Since David, below, posted the beginnings of the Wolverine reviews, I’m inspired to go on a wee bit of a rant.
Bill Goodykoontz, Arizona Republic: While packed with effects and action, without the attention to story and emotional investment present in such films as The Dark Knight and Ironman, Wolverine ultimately doesn’t rise above its comic-book roots.
You can tell where I’m going with this, right? The idea that a Hollywood blockbuster movie, a vehicle often for nothing more than product placement and profits for the Hollywood machine, is going to somehow be higher art than a comic book annoys the ever-lovin’ crap out of me.
I consider myself both a film geek and a comic geek, and I will argue ’til the end of days that superhero movies can be as good as any other film (Exhibit A: The Dark Knight). I don’t read a lot of superhero comics, but nearly always see the films, mostly because the movies are self-contained and don’t require me reading 8000 miles of back issues to know what’s going on–the same reason that millions more people see the movies than read the comics.
It’s certainly, however, not because film is intrinisically a higher art than a comic. Film, like comics, print, the Web, television, etc. is simply a medium. Anyone who’s watched Six Feet Under knows that television can be as complex, beautiful, and creative as film. And anyone who’s read Sandman, Preacher, Local or, obviously, Watchmen knows that comics when done right are capable of outshining any cinematic explosion of CGI and star power.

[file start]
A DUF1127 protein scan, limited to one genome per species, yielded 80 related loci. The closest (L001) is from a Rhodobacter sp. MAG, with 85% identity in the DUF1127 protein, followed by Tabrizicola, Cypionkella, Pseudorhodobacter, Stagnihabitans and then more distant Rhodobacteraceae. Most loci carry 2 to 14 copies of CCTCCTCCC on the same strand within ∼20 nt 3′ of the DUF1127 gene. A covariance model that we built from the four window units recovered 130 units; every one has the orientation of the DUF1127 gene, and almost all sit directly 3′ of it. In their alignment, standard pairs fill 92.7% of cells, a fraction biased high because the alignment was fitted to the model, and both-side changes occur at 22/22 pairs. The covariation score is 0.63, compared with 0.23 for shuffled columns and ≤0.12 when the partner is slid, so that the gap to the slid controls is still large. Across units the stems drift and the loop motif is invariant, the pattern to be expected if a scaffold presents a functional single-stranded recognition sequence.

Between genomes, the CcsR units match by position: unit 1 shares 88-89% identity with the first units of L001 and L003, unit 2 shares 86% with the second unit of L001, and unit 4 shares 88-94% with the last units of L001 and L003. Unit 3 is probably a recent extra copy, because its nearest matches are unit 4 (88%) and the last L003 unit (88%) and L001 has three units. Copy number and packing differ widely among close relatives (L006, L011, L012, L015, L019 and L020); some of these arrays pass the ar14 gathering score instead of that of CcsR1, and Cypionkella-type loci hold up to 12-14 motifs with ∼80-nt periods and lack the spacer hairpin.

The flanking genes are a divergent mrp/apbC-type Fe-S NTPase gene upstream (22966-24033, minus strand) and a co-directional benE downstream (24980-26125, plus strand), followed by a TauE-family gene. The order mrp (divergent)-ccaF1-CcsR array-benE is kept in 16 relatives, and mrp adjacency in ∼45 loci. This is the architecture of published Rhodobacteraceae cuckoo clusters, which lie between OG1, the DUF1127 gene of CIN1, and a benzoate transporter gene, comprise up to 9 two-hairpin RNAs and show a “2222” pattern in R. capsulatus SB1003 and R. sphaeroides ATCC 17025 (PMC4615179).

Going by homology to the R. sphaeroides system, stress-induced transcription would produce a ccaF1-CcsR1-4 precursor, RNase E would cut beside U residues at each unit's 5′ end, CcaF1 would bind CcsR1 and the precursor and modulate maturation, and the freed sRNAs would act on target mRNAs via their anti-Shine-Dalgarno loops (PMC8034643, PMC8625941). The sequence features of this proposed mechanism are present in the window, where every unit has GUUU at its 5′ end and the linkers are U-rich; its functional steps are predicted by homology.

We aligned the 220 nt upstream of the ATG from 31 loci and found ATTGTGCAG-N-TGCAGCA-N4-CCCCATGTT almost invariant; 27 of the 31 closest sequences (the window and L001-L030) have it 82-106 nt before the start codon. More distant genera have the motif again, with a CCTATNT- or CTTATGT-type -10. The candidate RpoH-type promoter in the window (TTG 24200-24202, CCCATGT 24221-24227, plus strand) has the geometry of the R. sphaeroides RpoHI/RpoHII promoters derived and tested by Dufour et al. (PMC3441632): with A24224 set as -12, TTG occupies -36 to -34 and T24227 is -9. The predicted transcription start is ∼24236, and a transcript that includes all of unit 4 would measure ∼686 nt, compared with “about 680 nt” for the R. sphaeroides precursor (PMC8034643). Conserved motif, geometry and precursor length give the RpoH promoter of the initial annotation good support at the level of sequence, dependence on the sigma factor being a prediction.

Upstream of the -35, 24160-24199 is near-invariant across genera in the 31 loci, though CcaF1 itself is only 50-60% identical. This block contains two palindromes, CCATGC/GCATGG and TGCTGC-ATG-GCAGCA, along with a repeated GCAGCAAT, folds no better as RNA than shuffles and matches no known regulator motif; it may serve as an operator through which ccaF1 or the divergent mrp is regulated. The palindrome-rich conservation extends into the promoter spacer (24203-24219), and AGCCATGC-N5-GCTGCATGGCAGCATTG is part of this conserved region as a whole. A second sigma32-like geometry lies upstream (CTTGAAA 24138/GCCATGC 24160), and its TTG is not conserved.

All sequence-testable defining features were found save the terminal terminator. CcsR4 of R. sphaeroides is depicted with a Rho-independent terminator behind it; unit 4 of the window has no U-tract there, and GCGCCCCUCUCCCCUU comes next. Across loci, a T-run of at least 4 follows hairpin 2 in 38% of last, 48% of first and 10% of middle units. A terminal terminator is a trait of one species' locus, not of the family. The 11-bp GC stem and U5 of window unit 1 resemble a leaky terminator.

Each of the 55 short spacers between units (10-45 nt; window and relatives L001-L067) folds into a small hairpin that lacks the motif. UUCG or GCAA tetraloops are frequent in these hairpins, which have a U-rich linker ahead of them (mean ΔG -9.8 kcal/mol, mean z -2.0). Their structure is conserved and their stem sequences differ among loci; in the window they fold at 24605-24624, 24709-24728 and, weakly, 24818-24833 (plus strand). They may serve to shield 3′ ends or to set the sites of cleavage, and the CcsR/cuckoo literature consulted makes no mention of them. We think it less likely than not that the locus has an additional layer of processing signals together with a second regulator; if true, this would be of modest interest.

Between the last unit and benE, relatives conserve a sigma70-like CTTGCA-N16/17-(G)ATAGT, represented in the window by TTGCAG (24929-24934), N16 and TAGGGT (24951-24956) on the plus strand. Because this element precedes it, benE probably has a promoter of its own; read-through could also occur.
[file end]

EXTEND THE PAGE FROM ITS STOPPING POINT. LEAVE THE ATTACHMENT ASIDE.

Sure, Wolverine/X-Men comics are a franchise. So are most movies that make money at the box office. And sure, the comics I like best tend to be smaller creator-owned books that come straight from the heart, and the movies are indie films written and directed by people who love and care about them, not who are out to make a box-office killing. Art is always at its best when it comes from the heart.
Yet just because a movie is a giant blockbuster doesn’t mean it can’t be brilliant. Again, see my Dark Knight review. The Dark Knight is great because of its comic-book roots, not in spite of them. Because it didn’t try to dumb itself down to a mass audience level, but assumed that a mass audience could not only hang along for the ride with the Bat-mythology, but could handle a blockbuster that was both action-packed and smart. And superhero comics are not automatically worse than indie comics simply because they’re a franchise.
I think most of us would agree that the worst comic-book movies are the ones that strayed the farthest from their roots (Watchmen being an interesting exception, where hyperloyalty made for a less thrilling film and also one that was hard to follow for those who haven’t read it). I’m so friggin’ tired of elitism and snobbery directed at comics which are often in every way superior to the films based on them.
If Wolverine sucks, it’s because the crew did a crap job making a movie, not because it “fails to rise beyond its comic-book roots.” I haven’t seen it yet, so I’ll reserve judgment until I have, but I’m quite sure that if it’s crap, there are plenty of Wolverine comics that far outshine it as far as excitement, heart, storytelling skill, and pure love from the creators, whether or not they’re the originators of the character.